Never had a reaction to the stuff. I havent ever rolled around in the stuff to check my tolerance.....but, I dont seem to be sensitive to it.
  8. CanDo


    Mar 10, 2006
    To anyone who thinks they may be immune but isn't 100% sure: be careful! I'm not a biochemist but it seems that you can come in contact several times without a reaction and then suddenly get a bad case.


    Apr 14, 2006
    With all due respect, Quiet Bear, as per your own admission (above), what you are doing proves nothing. I think it is very reckless to suggest that this is a viable method for building immunity to the effects of poison ivy, especially considering that younger people view this forum.

    I am aware that people do this, including people a lot more knowledgable than me, with no ill effects, but that doesn't mean it works for everybody (if it works at all). Apparently, some people have died from allergic reactions to poison ivy (IIRC from breathing the fumes from someone burning the plant) so the potential danger is not to be taken lightly.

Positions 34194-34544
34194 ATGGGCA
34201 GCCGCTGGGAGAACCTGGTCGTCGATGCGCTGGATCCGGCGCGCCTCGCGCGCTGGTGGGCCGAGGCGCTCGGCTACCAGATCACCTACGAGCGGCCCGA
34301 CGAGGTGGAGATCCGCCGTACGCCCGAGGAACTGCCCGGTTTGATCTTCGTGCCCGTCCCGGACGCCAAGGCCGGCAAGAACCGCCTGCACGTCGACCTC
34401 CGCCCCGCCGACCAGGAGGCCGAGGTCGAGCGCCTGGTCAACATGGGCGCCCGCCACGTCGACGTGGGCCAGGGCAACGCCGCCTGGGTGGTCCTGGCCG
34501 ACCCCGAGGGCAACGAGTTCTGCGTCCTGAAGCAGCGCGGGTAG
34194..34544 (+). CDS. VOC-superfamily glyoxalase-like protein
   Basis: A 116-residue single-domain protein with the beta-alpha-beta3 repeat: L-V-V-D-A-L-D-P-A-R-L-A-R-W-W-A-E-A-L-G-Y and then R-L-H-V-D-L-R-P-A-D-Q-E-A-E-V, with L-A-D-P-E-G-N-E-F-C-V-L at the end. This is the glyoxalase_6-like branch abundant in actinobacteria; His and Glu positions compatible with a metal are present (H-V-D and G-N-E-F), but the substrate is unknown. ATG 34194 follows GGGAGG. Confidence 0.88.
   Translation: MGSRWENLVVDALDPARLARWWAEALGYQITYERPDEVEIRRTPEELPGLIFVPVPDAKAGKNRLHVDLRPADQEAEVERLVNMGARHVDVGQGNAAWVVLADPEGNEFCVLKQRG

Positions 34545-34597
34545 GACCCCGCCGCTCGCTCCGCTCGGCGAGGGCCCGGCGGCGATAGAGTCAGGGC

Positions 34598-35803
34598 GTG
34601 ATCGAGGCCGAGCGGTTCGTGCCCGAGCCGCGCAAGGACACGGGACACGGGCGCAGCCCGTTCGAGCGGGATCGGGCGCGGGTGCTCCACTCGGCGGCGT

I have never gotten poison ivy and, like you, I have been repeatedly exposed to it. I have never eaten any. Another thing, and I think you should consider this. Poison Ivy as we experience it, is an exaggerated allergic response for those that are susceptible and our susceptibility (sp?) can change over time. This happened to my great aunt. For years she had no reaction, and she was exposed many, many times. Then one time, she developed the reaction, and from that time on, reacted every time she was exposed (as far as she could tell).

    Quiet Bear,I've read your posts over the years, and always considered them well thought out and informative, but I think in this case, I have to strongly disagree. Please know that this is not meant as a personal attack, but rather an effort to head off any problems.

  10. Russ Andrews

    Russ Andrews Knifemaker Knifemaker / Craftsman / Service Provider

    Nov 27, 2002
    Each spring, my sister-in-law used to have her kids eat a sandwich containing
    one very small poison ivy leaf. The kids went all summer w/o having a reaction
    even though they were in frequent contact with it on the farm.

    Of course, their mother's sister ( my wife) never ate those sandwiches, and
    she never gets a reaction to poison ivy either.........

    So there you have it (LOL), Iron clad proof that eating poison ivy causes
  11. andrew7978


    Mar 19, 2007
    I agree with the people that have said you can not be allergic to it at one point in your life, but get it real bad at other points. I am not 100% sure on this, but for example I never had Spring allergies for the first 10 years of my life. Now every single Spring I break out with real bad allergies.